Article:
“Unlike questions of segregation and, before it, slavery, where evil was clear and the only question was how to deal with it,” Dr. Kass says, “the evils that I saw close to my own area of work were ones that were embedded in very high-minded pursuits: better health, peace of mind and the conquest of nature. Yet they contained within them the seeds of our own degradation.”

The trouble wasn’t so much with science itself, he thought, as with “scientism,” by which he means “a quasi-religious faith that scientific knowledge is the only knowledge worthy of the name; that scientific knowledge gives you an exhaustive account of the way things are; and that science will transcend all the limitations of our human condition, all of our miseries.” Scientism’s primary goal, Dr. Kass says, “is to put the final nail in the rule of revealed religion.”

We can think about many of these bioethical conundrums in light of the question, “Can the end justify the means?”

Is it morally justifiable for a doctor to kill a patient in order to satisfy that patient’s wishes? Is it morally justifiable to dismember a developing human fetus in order to increase “net happiness”? Is it morally justifiable to kill a human embryo in order to discover new ways of treating disease?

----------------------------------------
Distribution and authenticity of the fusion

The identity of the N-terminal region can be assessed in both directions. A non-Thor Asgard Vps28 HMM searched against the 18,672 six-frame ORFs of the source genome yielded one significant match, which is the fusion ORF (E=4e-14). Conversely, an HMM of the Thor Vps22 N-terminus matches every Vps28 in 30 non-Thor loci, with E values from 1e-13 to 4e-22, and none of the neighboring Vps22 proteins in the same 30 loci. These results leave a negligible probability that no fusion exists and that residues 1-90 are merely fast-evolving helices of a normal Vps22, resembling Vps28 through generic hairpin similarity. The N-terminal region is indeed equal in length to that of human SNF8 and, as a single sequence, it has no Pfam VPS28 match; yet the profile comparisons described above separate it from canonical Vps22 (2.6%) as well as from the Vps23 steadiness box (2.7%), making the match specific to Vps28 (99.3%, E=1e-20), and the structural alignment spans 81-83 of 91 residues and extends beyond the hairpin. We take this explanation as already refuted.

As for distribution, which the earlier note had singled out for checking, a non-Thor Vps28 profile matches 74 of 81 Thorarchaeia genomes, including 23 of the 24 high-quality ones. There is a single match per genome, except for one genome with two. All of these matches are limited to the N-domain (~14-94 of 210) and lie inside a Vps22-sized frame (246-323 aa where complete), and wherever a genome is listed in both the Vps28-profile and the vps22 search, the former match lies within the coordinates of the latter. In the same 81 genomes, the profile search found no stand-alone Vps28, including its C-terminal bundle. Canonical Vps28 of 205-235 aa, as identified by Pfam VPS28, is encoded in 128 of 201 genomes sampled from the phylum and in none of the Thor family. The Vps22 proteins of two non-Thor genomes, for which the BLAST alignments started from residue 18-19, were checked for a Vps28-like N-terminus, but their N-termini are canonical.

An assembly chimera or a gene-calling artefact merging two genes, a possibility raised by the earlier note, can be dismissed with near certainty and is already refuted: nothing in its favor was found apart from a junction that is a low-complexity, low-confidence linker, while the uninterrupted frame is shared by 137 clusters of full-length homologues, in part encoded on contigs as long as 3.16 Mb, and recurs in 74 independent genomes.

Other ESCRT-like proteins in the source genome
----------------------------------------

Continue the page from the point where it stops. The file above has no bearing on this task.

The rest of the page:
According to Dr. Kass, the concept of “human dignity” carries powerful moral ramifications. Bioethical decisions shouldn’t be made strictly on utilitarian grounds; they need to account for the fundamental value of human life, regardless of age, race, gender, or other such attributes. Certain (noble) goals cannot be justified, therefore, if they require that one violate human dignity.

Yet atheist psychologist Steven Pinker offers a drastically different opinion in his 2008 article, “The Stupdity of Dignity“:

“The general feeling [of conservative ethicists] is that, even if a new technology would improve life and health and decrease suffering and waste, it might have to be rejected, or even outlawed, if it affronted human dignity.

Whatever that is. The problem is that “dignity” is a squishy, subjective notion, hardly up to the heavyweight moral demands assigned to it…Once you recognize the principle of autonomy, [“dignity”] adds nothing…”